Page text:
Describing the World Environment Day celebrations hosted by India as ‘historic’, the Chief of the United Nations Environment Program, Erik Solheim announced that India has pledged to eliminate single-use plastics by 2022. This is truly significant as till recently, the biggest pledges to stop single-use plastics were typically being made with a target of 2025 and beyond.
— UN Environment Asia Pacific (@UNEnvironmentAP) June 12, 2018
“By announcing that the country will phase out single-use plastics by 2022, India has demonstrated global leadership and it’s now up to other countries to follow India’s lead,” he said while addressing the gathering during the World Environment Day event held in the capital. For India 2022 is, of course, significant for being the 75th year of Independence too, thus becoming an automatic target for a host of initiatives.
For the plastics industry in India, that comprises over 30,000 units and employs near 4 million people,this move is just one of many that seem set to disrupt the industry repeatedly over the next few years. Lofty projections of turnover and exports seem under threat at this stage, and it remains to be seen how the industry adapts.
As per the WHO index India is home to 14 of the 15 most polluted cities in the world, but on a scale that tracks air pollution. However, as a nation we’ve always been accustomed to reusing and recycling products and knowingly or unknowingly have found multiple usages for single-use plastics. The global impact of single-use plastics nonetheless is wide scale and at present only increasing. The need of the hour being innovation, implementation and adoption of products and techniques that can help phase out single-use plastics and the similar idea has now been incorporated in the Prime Minister’s Swachh Bharat Abhiyan.
Addressing the Plenary Session of the World Environment Day 2018 celebrations, PM Modi said that plastic now threatens to become a menace to humanity.
“Plastic pollution is already having a deadly impact on our marine ecosystem. Scientists and fishermen alike have pointed to signs of trouble. These include declining fish catches, warming ocean temperatures, and vanishing habitats,” he said adding that “plastic pollution is now entering into our food chain. In fact, microplastics have now even entered basic food like salt, bottled water and tap water.” He said that the per capita plastic consumption in India is much lower than in many parts of the world.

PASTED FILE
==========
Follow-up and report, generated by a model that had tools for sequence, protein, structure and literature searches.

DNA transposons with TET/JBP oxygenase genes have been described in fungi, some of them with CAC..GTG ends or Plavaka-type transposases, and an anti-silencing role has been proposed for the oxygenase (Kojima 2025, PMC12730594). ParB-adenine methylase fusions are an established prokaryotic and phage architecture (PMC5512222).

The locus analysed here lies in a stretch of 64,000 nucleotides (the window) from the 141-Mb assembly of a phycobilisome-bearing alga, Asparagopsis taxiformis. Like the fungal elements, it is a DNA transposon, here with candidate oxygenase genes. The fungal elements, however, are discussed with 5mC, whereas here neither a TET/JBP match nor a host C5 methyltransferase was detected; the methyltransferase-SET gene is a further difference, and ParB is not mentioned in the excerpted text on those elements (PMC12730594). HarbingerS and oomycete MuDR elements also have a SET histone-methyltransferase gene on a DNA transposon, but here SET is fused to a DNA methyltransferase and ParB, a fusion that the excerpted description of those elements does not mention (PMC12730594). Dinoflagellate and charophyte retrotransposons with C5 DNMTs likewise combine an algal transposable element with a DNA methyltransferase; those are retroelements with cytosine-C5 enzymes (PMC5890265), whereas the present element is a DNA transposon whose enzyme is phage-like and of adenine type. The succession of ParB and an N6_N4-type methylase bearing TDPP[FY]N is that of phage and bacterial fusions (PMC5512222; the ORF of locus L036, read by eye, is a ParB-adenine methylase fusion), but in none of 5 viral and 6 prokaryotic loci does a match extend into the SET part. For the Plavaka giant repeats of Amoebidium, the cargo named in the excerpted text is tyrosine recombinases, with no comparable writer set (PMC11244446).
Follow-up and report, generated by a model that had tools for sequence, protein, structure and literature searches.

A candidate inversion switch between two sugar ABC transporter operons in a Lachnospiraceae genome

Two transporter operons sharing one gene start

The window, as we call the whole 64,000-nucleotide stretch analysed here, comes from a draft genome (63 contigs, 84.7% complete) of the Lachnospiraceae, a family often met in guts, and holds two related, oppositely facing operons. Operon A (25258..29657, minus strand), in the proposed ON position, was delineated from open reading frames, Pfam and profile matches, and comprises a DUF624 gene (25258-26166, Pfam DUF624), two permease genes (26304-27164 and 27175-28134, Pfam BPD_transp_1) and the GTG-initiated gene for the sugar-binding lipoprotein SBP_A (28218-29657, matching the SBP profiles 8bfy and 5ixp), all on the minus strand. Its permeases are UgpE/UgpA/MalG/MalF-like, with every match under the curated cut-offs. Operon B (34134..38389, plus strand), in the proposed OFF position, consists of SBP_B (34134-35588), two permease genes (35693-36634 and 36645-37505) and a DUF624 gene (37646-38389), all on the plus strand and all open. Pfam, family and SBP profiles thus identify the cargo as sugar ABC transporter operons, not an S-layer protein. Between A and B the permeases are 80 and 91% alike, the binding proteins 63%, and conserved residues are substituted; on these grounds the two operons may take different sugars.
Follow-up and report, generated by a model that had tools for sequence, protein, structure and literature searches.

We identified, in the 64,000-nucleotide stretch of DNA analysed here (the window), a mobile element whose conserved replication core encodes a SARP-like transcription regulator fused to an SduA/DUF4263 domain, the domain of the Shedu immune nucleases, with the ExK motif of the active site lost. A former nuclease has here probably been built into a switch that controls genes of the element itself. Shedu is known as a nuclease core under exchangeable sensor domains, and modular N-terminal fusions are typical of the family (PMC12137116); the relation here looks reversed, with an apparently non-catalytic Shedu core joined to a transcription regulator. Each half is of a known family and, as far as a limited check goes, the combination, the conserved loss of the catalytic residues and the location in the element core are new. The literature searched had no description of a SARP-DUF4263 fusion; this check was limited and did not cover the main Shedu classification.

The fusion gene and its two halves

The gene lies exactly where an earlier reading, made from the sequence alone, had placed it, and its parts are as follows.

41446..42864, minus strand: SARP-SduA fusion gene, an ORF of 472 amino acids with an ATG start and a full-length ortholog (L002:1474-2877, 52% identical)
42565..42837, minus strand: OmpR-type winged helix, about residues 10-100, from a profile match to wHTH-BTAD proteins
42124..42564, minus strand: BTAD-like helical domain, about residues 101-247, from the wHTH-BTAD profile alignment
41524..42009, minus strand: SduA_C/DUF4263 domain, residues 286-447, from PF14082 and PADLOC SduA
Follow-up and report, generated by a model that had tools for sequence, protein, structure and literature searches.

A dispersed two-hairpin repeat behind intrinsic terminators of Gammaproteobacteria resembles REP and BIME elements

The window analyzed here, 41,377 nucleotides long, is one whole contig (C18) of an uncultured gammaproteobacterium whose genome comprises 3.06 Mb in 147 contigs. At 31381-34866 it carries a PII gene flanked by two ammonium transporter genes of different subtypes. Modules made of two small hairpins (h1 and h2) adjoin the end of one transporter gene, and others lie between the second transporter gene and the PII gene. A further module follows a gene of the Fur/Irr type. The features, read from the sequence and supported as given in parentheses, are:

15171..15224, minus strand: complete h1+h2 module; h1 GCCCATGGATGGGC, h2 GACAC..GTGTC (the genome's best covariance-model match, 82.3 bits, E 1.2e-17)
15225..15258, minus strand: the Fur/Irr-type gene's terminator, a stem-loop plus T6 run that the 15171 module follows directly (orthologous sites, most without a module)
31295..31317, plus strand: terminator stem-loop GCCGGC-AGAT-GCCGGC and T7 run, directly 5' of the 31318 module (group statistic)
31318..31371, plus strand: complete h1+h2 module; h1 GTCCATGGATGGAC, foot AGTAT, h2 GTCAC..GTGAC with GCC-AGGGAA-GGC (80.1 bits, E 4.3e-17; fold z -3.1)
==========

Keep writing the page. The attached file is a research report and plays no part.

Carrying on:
“As global host of World Environment Day 2018, I reiterate our commitment to sustainable development. Let us all join together to beat plastic pollution and make this planet a better place to live,” he added.
Challenges will arise in realisation of the idea to “Beat Plastic Pollution” which would be around wide scale implementation, better and faster reforms in policies etc, but the intent to stop it by 2022 has definitely set a roadmap for all stakeholders.
India Inc has pledged to reduce usage of plastics. Companies across sectors including PepsiCo India, ITC, Nestle India, Maruti Suzuki India, and Hyundai India expressed their commitments to the cause. Ahmed El Sheikh, President & CEO, PepsiCo India, said: “In line with reducing the impact of our packaging on the environment, we are committed to working with partners to leverage new technologies and developing sustainable, environmentally friendly packaging solutions.” The company plans to launch to launch its pilot plant for packaging of Lay’s and Kurkure using 100% compostable by-products.
By reiterating its desire to improve its plastic waste management systems, India has again demonstrated its global leadership and the impact it plans to have at the global scale. But with its dodgy planning and implementation system the set targets will be achieved, but it remains to be seen if they’ll be achieved on time or way past the deadline. Here’s how you at an individual level can avoid using single-use plastics.